On opening of the borders globally “free for all” now the onus is with each individual for our own safety, using common sense. I feel the health authorities prefer more awareness for prevention rather than Protocols pay. “The safety of the people shall be the highest law.” TAHIR ALI Hamilton, New Zealand

My guess

RIGHTLY or wrongly, intuitively, I spy through my little eyes, (now 70 and steadily inching forward), September 7, 2022, Fiji Constitution Day, could be Fiji General Election Day. Have I let the cat out of the mysterious political bag? This is the million dollar answer Fiji is craving for. Or, do I get corrected? Alternately, some day in January 2023, is my take. We wait and see. RONNIE CHANG Martintar, Nadi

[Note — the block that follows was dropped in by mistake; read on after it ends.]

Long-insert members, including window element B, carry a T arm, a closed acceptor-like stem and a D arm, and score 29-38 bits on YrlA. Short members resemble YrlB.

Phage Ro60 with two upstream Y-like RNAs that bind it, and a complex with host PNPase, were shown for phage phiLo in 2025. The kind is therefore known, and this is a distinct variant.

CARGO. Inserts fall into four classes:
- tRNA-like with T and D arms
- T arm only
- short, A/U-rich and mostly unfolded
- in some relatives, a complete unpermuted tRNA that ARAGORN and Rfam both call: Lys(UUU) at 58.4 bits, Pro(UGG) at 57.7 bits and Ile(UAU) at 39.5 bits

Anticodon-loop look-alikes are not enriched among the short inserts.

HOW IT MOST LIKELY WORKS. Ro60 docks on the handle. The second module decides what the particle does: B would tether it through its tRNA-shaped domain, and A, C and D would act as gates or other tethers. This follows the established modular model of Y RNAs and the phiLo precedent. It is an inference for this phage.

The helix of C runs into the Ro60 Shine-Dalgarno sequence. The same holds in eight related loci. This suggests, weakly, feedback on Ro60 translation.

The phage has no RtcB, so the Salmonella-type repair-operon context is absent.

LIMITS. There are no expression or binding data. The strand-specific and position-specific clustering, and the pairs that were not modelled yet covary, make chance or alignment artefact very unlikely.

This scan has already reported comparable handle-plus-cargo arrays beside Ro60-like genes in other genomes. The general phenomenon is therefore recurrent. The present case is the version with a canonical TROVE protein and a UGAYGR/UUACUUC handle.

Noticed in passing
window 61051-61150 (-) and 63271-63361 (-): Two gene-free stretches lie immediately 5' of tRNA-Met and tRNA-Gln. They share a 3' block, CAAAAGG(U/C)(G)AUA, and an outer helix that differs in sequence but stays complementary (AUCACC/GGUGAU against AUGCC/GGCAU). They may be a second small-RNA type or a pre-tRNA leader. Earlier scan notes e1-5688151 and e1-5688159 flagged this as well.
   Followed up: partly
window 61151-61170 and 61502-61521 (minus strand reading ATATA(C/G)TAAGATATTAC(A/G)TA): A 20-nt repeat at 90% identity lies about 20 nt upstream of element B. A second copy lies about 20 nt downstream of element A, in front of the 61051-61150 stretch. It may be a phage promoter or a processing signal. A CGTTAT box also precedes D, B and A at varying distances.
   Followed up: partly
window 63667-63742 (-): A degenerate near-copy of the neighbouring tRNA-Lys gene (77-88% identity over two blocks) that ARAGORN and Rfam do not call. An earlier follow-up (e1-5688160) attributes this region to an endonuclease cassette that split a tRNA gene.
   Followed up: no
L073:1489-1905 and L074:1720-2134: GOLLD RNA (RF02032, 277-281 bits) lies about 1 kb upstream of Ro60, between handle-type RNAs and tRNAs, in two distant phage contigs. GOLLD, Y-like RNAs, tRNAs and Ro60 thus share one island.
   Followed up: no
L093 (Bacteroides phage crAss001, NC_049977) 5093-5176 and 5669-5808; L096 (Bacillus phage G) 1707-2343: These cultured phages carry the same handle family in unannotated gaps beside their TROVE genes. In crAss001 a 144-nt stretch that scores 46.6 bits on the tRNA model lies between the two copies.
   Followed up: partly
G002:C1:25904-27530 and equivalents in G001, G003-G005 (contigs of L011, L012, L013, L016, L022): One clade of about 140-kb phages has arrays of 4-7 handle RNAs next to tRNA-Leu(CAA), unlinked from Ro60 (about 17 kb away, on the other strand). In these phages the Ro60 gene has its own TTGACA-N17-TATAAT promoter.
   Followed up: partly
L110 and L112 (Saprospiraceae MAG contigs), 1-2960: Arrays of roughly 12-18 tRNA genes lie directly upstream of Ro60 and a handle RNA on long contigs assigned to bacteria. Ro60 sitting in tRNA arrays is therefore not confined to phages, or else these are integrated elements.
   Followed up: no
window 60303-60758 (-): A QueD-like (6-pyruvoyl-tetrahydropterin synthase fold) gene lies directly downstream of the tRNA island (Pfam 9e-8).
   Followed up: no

Patience of Noah

THEIR request was sent up, hoping for approval, or at least something. But the answer that came back, plainly said “Stop asking! You will receive what is best for you, better than what you are wanting”. They listened quietly with the patience of Noah, indicative of people of that nation. They just had to be thankful once more, because of their own dire situation. EDWARD BLAKELOCK Admiral Circle, Pacific Harbour

Those comments

RESPONDING to Minister Rosy Akbar’s attack on The Fiji Times for publishing “incorrect and out of context information” about her comments on gender violence (FT 11/6), editor-in-chief Fred Wesley said the contents of the article in question ‘Judiciary reminded of roles’ (FT 9/6) “were lifted directly from a speech she delivered”. I believe The Fiji Times and its editor. I trust their version. I think the Minister is scapegoating The Fiji Times after the director of public prosecutions Christopher Pryde criticised her comments. RAJEND NAIDU Sydney, Australia

How the mighty fall